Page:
All the trees are gone but now a row of shop houses.
    I went to the back of your house & some of the houses are still standing. My laundry lady house was at the back but I couldnt pinpoint the exact unit.
    Cheers & have a Blessed Easter Holiday.

  4. Kamy Suria says:

    Dalam gambar yang kedua di tepi jalan kelihatan tiada rumput yang tumbuh. Kawasan ini digunakan oleh bas untuk membuat U-turn berpatah balik ke bandar Ipoh. Bas tersebut sedang berhenti dihentian yang pertama sebelum memulakan perjalan ke Ipoh. Bas biasanya menunggu tiga hingga lima minit bagi mengambil penumpang.
    Jalan yang bertar sehingga yang terdapat didalam gambar sahaja. Selepas itu adalah jalan tanah sahaja.
    Harap Saudara Mano dapat membetulkan sekiranya terdapat kesilapan.

  5. Mano says:

    With due respect and apologies to Kamy Suria, I’m afraid I’ll have to revert to English as my BM has become quite ‘rusty’.
    On the right of the first picture where the shops are, was a vacant piece of land which became a playground by default. The boys from the adjacent kampung even built a badminton court on the sandy ground using jute string for the lines. Hockey was played often too using anything that resembled a hockey stick! Then, somehow, somewhere, two pairs of boxing gloves were found. So a boxing rink was made on the same sandy ground with the jute strings this time for ropes! This was when I first heard of Cassius Clay.
    Imagination and improvisation equalled fun in those days!

  6. Kamy Suria says:

    Saudara Mano,
    Saya yang sepatutnya memohon maaf kerana menulis dalam Bahasa Melayu bagi blog yang dikendalikan dalam Bahasa Inggeris.

  7. ika says:

    There is no need to apologise KS as BM is perfectly acceptable for a Malaysian blog including this one. The only shortcoming of course is that some of our overseas fans may not understand what you have written and we do have quite a lot of those – mainly soldiers/police who were stationed here for a couple of years with their families. That is why I try to respond in a way which will let them know what you have said. I don’t always succeed!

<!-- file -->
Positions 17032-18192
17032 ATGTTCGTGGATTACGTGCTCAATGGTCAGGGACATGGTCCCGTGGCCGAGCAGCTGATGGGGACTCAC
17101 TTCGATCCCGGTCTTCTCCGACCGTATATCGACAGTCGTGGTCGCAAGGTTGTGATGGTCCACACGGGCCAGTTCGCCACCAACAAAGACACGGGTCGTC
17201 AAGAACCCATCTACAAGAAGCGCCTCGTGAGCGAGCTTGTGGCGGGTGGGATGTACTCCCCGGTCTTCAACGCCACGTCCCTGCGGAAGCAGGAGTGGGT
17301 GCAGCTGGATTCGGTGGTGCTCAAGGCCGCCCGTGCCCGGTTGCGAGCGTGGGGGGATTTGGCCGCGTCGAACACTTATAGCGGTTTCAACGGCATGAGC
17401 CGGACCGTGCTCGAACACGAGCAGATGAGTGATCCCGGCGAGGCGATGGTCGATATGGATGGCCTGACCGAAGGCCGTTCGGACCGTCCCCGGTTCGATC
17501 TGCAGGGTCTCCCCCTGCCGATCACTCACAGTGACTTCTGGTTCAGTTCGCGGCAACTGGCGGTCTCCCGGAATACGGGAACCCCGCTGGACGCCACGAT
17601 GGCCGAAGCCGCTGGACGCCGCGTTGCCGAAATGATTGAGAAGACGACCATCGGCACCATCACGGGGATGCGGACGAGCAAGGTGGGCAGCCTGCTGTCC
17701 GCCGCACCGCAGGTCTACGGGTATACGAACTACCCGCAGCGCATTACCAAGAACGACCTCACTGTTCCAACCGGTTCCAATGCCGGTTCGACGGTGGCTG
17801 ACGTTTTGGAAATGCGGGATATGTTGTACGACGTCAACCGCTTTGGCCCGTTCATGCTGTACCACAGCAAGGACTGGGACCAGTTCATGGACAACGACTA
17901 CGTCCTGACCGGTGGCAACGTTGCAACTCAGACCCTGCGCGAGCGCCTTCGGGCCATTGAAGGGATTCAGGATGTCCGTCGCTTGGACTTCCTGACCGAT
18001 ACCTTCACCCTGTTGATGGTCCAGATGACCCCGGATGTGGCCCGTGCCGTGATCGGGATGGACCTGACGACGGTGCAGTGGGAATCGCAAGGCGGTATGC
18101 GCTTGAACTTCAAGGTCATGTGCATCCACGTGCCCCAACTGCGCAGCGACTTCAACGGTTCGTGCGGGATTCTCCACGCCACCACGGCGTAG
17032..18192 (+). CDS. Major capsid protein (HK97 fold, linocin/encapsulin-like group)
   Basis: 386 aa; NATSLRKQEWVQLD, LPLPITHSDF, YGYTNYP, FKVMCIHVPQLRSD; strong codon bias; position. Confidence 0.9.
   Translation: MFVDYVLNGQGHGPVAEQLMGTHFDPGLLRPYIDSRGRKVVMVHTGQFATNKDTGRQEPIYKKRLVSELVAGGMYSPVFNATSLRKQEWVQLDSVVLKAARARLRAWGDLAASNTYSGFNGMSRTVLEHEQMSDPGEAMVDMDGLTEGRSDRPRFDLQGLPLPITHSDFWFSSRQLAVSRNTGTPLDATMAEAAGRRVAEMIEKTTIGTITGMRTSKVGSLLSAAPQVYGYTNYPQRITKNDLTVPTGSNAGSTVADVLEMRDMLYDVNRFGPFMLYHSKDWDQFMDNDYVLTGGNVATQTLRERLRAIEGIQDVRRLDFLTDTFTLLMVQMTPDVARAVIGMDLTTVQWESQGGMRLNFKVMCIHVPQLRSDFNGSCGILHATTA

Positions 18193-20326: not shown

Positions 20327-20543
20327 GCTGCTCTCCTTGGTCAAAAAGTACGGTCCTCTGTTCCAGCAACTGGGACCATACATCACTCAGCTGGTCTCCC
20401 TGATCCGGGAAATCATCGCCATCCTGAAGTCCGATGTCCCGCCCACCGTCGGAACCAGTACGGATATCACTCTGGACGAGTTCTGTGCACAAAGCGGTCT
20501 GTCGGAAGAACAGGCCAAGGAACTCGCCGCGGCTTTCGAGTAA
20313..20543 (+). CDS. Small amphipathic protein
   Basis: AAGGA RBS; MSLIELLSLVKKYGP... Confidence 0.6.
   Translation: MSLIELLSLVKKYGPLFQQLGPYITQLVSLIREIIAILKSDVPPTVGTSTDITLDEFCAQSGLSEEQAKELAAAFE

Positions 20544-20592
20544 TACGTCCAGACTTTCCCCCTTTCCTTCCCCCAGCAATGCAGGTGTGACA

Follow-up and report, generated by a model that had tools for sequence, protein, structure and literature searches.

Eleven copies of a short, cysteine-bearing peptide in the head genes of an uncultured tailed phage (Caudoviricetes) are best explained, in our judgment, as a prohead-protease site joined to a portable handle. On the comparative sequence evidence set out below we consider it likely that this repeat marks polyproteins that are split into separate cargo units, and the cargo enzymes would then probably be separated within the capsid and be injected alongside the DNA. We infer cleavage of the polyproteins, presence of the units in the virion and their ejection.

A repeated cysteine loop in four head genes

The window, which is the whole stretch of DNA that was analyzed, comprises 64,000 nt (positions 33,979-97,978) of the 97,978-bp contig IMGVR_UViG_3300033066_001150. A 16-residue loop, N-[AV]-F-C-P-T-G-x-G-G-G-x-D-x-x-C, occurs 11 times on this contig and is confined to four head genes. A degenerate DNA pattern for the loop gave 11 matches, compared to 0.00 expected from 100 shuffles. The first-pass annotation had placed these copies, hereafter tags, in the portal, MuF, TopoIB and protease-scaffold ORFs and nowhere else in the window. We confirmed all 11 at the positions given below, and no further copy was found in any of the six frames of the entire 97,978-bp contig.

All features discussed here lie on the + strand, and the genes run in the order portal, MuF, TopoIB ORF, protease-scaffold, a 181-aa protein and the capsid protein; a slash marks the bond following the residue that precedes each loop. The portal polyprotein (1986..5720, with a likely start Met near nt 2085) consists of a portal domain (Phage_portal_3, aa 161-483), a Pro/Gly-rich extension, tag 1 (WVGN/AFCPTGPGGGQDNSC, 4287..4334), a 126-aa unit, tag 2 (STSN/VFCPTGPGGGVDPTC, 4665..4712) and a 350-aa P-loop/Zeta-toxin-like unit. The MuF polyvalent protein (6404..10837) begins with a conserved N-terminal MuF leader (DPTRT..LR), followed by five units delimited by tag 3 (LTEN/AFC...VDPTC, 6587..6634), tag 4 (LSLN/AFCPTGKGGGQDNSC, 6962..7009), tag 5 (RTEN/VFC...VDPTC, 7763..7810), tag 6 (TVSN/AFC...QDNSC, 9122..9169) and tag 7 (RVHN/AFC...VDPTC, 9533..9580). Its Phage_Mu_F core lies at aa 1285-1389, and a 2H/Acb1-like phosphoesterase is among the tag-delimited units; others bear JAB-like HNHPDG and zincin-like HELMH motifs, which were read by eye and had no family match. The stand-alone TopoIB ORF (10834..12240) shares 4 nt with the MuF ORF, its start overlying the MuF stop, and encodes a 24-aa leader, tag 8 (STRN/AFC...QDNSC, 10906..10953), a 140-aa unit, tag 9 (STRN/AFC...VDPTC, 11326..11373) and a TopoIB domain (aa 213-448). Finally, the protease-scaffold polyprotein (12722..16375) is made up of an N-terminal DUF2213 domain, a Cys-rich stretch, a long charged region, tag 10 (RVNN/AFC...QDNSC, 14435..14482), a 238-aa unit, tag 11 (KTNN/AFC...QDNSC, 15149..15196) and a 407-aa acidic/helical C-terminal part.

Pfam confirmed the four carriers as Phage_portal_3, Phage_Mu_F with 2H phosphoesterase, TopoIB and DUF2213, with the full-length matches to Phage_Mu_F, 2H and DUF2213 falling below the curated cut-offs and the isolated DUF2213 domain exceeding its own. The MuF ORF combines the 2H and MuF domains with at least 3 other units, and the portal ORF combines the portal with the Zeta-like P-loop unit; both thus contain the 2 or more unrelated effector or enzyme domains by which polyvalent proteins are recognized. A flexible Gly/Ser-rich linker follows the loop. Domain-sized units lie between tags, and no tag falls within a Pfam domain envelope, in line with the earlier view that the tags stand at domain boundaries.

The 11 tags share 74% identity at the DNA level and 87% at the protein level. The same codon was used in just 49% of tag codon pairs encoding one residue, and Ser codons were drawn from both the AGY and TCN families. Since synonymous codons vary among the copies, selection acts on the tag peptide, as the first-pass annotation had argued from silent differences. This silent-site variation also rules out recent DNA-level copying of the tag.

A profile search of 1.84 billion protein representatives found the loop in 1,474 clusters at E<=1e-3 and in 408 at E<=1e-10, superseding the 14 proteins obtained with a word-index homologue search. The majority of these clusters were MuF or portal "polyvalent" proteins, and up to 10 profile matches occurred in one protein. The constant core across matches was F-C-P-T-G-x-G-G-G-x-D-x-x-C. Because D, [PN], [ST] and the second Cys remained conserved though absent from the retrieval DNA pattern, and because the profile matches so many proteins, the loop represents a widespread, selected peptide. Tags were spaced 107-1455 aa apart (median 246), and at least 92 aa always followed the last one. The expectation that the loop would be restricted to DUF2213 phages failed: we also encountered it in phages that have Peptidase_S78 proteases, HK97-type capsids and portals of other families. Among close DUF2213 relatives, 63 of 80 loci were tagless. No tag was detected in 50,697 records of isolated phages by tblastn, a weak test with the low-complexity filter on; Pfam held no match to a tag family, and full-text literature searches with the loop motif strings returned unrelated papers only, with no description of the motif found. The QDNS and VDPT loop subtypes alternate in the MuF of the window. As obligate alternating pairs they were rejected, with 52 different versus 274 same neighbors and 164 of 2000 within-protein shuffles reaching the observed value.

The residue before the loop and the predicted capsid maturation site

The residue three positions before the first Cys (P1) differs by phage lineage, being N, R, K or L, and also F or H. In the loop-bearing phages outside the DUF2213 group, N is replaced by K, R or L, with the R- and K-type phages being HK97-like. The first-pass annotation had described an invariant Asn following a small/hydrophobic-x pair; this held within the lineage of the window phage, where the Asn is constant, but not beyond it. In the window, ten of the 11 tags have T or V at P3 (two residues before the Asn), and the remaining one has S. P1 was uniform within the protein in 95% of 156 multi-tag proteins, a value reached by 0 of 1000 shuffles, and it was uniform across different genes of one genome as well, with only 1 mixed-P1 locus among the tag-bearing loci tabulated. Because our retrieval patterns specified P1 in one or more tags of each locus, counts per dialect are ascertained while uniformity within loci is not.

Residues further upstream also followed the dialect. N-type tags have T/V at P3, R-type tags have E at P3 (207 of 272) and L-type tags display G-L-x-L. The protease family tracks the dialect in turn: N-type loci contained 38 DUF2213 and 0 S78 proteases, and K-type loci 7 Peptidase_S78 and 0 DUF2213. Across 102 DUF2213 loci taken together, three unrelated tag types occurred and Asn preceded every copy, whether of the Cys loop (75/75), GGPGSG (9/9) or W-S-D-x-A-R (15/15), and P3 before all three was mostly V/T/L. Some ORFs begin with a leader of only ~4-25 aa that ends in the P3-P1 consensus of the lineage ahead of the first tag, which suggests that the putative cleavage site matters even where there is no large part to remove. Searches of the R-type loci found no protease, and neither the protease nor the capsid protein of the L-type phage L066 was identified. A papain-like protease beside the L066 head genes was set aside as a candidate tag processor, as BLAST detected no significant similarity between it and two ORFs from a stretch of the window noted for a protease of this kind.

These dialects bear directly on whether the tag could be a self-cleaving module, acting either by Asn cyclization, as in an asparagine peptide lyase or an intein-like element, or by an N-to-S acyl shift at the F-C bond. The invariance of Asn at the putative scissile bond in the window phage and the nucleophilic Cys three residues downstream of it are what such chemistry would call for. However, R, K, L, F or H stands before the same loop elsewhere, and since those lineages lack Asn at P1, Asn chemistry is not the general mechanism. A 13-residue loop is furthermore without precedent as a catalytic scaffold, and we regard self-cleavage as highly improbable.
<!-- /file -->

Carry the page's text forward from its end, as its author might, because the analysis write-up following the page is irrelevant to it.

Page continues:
8. ika says:

    For information, Kamy Suria’s comment of 28 December was missed easlier by me (on holiday). He made the point that nn the second picture the area with no grass was used by the bus to make a U-turn back to Ipoh. It would then wait for about 5 minutes to pick up passengers before starting the journey back to Ipoh.

  9. sk says:

    On the 2nd picture, I was told by LMS136, further down the road, there were military trucks with NZ markings that picked up Military Officers there. Must be during the time when ANZAC forces stationed here to fight the communists.
    Yes, I remember during that time. there was a NAAFI store in
    Canning Garden Cantonment. They sold Tax Free goods.
    The public was not able to buy but the imported goods were very cheap. If I am not mistaken, the cinema shown films that need not go through Filem Negara Censorship board.
    This privilege was only given to soldiers.
    I wonder if there are any more NAAFI stores here or around the world. I have no idea as I am not in the Armed Forces.
    I was just wondering how come the police is not entitled to this privilege

  10. ika says:

    Hi SK, Yes there is a NAAFI shop wherever there are British armed forces, even a small one on each warship with a civilian manager. The privilege did not extend to police as they never left the 3 mile limit where the tax frr pribileges stat. Armed forces were always going abroad. The Malaysian armed forces still have the same thing called Pernama (I think) but the bif difference is that here the beer is not tax free but in the NAAFI it is. The US forces of course have the PX (Post Exhange).

  11. sk says:

    Thanks, Ika for the explanation.
    Didnt know that there were so many
    regulations in setting up a NAAFI store.
    First time hearing on board a ship & including a 3 mile qualification, too !
    I suppose this would be your forte,Ika, coming from an ex-military man.
    Also just knew the US is known as PX. All the while I thought NAAFI is standardised.
    Good info,military info, Ika

  12. sk says:

    Coming back to my New Pasir Puteh Days – “Ti Tor Bo Ti” –
    The Coconut Candy proprietress always belted out these word whether it was derogatory or otherwise, we were too young to understand

    http://www.thestar.com.my/News/Nation/2015/08/02/Are-dialects-dying-out/

    In Singapore, three decades of the ‘Speak Mandarin Campaign’ and the rise of English-speaking Chinese families have caused dialects to disappear. Does the same fate await Hokkien, Hainan, Teochew, Hakka and Cantonese in Malaysia?

    CHINESE dialects are on the brink of extinction. And it’s happening sooner that expected.

    The declining use of dialects among the younger generation is inevitable as Mandarin becomes the common language of the Chinese community, author Rita Sim notes.

    The use of Chinese dialects has reduced significantly in the Chinese community in Malaysia in the past two decades, especially among Chinese-educated families, she says.